Reality-Based Self Defense and Personal Protection Resources
Reality-Based Self Defense and Personal Protection Resources



I get inundated with emails pointing to different self-defense classes and training videos, all asking for my opinion on whether it’s the real deal or not. There are a lot of different flavors of Kool-Aid out there (ours included) – A veritable rainbow of “ultimate” and “unbeatable” systems.

But who has the real Kool-Aid?

Well, serial killers do.

They tend not to be the best physical specimens (so there goes bigger-faster-stronger), they tend not to be trained (so there goes belt-levels), and they tend not to practice (so there goes ring experience).

And yet, they get results.

They get results because results are all they care about. They’re unencumbered by rules of engagement, perceived threat levels, or worrying about closing distance. They don’t care if you fight back. Instead of backing up, blocking or countering, they’re going to go straight for the result and will keep hammering away at it until they get it.

And once they get it, they take full and immediate advantage of it.

That result is, of course, debilitating injury — injury that interferes with normal function. Injury works, and going straight for it is the only way to win in violence.

Now, does this mean I like, applaud or idolize serial killers? Of course not. They’re a sickening bunch and the strongest argument for maintaining the option of capital punishment.

What we have to admit is that they get results without all the things we’ve been lead to believe are necessary in self-defense classes: conditioning, training, practice; being a “good fighter”; and defensive tactics like waiting, blocking, countering.

This is why I caution clients at our seminars and self-defense classes to double-check any questions they might have about violence against the “would it matter to a serial killer” litmus. It takes care of an awful lot of things that we all worry about as sane, socialized people but that have absolutely no bearing on who wins or loses in life-or-death violence.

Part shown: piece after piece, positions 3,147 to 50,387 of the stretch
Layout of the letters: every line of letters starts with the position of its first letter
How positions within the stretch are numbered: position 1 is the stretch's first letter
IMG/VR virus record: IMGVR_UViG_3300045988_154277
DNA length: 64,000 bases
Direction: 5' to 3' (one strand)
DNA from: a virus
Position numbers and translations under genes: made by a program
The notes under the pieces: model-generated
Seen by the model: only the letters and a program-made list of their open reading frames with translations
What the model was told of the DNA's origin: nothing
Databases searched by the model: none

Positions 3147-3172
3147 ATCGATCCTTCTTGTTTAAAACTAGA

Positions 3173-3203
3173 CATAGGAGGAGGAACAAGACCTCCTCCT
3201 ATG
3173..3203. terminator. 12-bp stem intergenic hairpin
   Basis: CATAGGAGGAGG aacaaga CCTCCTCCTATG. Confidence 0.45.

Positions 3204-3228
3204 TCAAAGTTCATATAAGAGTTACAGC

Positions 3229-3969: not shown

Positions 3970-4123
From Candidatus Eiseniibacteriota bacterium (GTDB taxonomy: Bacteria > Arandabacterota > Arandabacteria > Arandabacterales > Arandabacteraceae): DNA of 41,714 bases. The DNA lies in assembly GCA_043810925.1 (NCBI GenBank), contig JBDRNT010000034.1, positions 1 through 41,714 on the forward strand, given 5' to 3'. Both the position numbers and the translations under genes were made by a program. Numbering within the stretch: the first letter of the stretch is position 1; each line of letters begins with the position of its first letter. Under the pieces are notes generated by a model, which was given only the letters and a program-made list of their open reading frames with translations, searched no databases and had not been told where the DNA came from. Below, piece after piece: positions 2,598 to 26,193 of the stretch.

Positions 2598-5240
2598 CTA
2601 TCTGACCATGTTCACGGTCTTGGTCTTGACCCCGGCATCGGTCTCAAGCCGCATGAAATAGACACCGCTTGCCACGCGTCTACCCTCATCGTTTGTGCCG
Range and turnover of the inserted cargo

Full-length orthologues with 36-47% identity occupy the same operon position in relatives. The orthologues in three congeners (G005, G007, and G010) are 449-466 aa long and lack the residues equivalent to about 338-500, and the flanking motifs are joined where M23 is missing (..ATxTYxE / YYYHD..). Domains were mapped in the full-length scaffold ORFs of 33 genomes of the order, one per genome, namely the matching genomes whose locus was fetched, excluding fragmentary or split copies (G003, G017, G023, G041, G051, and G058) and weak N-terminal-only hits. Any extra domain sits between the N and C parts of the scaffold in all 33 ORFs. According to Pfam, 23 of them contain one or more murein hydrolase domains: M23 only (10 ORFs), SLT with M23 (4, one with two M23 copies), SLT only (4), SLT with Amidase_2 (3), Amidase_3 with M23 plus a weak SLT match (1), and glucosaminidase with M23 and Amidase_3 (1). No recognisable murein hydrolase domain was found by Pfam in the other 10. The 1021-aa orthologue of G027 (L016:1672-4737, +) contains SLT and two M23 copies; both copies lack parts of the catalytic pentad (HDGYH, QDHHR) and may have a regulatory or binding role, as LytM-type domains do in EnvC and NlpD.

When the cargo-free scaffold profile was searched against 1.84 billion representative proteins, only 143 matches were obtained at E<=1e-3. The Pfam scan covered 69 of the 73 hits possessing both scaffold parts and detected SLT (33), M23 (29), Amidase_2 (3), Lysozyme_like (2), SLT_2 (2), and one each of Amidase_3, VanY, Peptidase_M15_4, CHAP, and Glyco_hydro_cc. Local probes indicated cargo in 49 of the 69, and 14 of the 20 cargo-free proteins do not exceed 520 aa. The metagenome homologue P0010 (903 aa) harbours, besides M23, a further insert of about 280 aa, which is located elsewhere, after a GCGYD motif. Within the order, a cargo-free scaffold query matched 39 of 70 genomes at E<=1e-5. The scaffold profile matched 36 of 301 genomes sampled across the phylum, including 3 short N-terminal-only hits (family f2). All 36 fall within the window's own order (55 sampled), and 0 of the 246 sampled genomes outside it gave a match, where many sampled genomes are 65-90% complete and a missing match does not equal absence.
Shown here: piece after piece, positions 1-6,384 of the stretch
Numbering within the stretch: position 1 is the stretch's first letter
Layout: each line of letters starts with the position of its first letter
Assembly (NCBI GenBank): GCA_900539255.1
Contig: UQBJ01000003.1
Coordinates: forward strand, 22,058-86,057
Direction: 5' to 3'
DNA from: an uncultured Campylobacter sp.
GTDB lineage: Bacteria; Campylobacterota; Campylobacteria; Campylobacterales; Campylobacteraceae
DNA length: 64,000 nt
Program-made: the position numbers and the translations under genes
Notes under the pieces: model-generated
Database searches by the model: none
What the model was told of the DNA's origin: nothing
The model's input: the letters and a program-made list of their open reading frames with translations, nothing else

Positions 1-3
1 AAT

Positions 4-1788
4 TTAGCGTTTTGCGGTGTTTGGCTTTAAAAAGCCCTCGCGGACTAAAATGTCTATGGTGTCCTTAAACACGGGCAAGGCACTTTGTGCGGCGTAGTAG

It’s not nice or comfortable to look at violence from this perspective, but we can either look at what the winners do to win (and most often those examples are going to come from the worst among us as criminal acts) or we can turn away, maintain the mindset of the victim and make it easier for the worst to do their vile work on us.

Tim Larkin

Tim Larkin is the creator of Target Focus Training, the #1 Self-Protection training system.

  • reply Dave ,

    This really article has nothing to do with being able to defend yourself. A serial killer seldom gives the victim any chance…they attack with surprise and the person is usually overpowered before they know what hit them.
    A person looking to learn self defense cannot just attack people by surprise.
    Alertness will offer you some hope of not being caught flatfooted/surprised. And since serial killers are weak, out of shape, and lack training they should be easy to overcome by anyone who’s in decent shape and has done some training.
    BUT people don’t fear serial killers. They fear random acts of violence by gangs, thugs, roid ragers, etc. In other words…people who (on a level playing field) could do you some serious harm. People who can harm you without needing to take you by surprise. People who have fight experience, and can shrug off a couple of decent strikes! People who are not going to fold and runaway because you’ve decided to fight back.

    • reply Noel ,

      thank you for using the serial killer illustration,probably one of most accurate and realistic points ever mentioned.
      It is unfortunate that many so called reality combat based instructor s lack the most important aspect of training
      REALITY! We are not robots and I have always believed that once you step out of the training hall,gym whatever .
      Chances are you maybe setting yourself up for a rude awakening Even death, I also believe that your greatest teacher is exposure to reality.

      • reply Ralston ,

        This is something that you taught me to do that has made a difference in my life. To look at the winner regardless of whether or not he was a “bad guy”. What moves worked and why, were the questions. Not empathize with the victim and the why did the “good guy” not win question. To take those moves and add them to my knowledge base (you can’t unlearn stuff) so that “IF/when” I ever get into a fight for my life I will have the tools needed, not just to survive, but to win and walk away.

        • reply Tim Larkin ,

          Glad this was helpful!

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